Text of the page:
Tuesday, October 29, 2013
Last week, I posted a response to the New York Times article criticizing law reviews. A friend pointed me to a cover story from the Economist, How science goes wrong: Scientific research has changed the world. Now it needs to change itself. It's an interesting read. This paragraph jumped out at me:
In order to safeguard their exclusivity, the leading journals impose high rejection rates: in excess of 90% of submitted manuscripts. The most striking findings have the greatest chance of making it onto the page. Little wonder that one in three researchers knows of a colleague who has pepped up a paper by, say, excluding inconvenient data from results “based on a gut feeling”. And as more research teams around the world work on a problem, the odds shorten that at least one will fall prey to an honest confusion between the sweet signal of a genuine discovery and a freak of the statistical noise. Such spurious correlations are often recorded in journals eager for startling papers. If they touch on drinking wine, going senile or letting children play video games, they may well command the front pages of newspapers, too.
The article also calls for more acceptance of what it calls "humdrum" or "uninteresting" work that confirms or replicates other trials, a long-standing practice underappreciated by both journals and those who award grants.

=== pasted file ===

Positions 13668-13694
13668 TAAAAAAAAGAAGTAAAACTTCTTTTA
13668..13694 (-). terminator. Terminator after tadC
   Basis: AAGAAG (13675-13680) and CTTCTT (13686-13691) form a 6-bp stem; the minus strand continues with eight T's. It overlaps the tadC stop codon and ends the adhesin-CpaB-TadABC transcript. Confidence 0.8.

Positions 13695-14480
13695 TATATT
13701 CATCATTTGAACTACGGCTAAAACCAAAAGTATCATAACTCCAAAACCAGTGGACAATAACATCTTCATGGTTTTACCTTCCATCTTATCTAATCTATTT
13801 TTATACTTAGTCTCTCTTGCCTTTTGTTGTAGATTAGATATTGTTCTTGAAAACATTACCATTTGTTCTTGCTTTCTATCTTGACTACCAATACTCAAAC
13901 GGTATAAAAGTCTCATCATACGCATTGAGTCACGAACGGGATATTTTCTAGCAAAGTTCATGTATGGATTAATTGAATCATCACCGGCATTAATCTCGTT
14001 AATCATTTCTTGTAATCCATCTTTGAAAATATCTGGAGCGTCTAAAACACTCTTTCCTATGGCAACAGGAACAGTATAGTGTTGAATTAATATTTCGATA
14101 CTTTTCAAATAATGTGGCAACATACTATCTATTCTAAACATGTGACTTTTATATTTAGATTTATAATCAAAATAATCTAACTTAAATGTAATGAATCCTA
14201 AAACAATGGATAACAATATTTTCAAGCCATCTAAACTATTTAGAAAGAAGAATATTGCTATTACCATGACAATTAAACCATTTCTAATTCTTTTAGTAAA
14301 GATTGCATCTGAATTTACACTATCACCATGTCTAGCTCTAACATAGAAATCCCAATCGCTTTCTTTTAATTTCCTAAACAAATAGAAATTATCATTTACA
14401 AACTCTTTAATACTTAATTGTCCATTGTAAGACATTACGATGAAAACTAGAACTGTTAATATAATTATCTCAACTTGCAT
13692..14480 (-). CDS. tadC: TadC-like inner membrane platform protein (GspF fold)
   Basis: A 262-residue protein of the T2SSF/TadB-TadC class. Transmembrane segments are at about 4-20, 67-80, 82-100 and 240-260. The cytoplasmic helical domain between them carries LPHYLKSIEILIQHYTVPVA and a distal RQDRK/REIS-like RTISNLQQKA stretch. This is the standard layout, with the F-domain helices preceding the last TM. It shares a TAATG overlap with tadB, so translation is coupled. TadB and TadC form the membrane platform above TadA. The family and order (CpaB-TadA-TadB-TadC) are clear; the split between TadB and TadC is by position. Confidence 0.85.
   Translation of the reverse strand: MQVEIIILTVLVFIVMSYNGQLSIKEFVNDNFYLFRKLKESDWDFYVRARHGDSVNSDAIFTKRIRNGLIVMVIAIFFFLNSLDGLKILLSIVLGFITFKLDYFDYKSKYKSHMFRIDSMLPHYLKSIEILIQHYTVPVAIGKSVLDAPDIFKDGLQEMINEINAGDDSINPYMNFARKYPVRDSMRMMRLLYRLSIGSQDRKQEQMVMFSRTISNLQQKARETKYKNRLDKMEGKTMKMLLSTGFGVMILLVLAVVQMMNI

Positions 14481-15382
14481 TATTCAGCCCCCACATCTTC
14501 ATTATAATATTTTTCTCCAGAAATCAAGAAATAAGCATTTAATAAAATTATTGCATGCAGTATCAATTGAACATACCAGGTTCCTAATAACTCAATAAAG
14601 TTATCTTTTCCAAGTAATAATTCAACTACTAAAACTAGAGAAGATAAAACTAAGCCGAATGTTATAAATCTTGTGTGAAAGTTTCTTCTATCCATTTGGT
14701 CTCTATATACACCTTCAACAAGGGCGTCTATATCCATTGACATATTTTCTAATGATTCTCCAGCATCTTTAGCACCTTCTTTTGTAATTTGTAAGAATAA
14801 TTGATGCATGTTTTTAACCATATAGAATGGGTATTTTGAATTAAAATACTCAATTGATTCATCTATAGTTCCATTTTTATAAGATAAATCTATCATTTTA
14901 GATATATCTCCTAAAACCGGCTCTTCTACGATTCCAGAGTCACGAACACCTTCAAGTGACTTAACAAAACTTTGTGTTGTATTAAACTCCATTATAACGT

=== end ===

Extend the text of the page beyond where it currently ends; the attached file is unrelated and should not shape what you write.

Not all is lost. One interesting suggestion: "Peer review should be tightened—or perhaps dispensed with altogether, in favour of post-publication evaluation in the form of appended comments." The article notes that the areas of physics and mathematics have made progress using the latter method.
We do have some versions of the post-publication evaluation in the law review world, often published as responses to the work of others, or articles that build upon such work. Over at The Conglomerate the post, Bebchuk v. Lipton on Corporate Activism, provides a good example of two papers take opposite views, with David Zaring's post itself serving the role of post-publication evaluator (on a small, but I think important, scale):
Some of the studies cited are quite old, and not all of the journals are top-drawer. But others seem quite on point. Perhaps the disputants will next be able to identify some empirical propositions with which they agree, and others with which they do not (other than, you know, sample selection).
Many blogs do this (including, sometimes, the Business Law Prof Blog), and I think it is a important role. Perhaps it is one the should be more formalized so that the value of such commentary can be more clearly recognized as part of the scholarly realm. For example, perhaps law reviews and other journals should consider publishing updates, major citiations, or critiques from various sources made about articles the review/journal has previously published.
There are many ideas out there, and we should keep looking for ways to keep developing useful scholarship. And by useful, I mean complete, thoughtful, and careful work, including what some people might consider "not novel," if not "humdrum" or "uninteresting." We don’t always need the legal equivalent of studies about drinking wine and letting kids play video games, not that there's anything wrong with either of those things.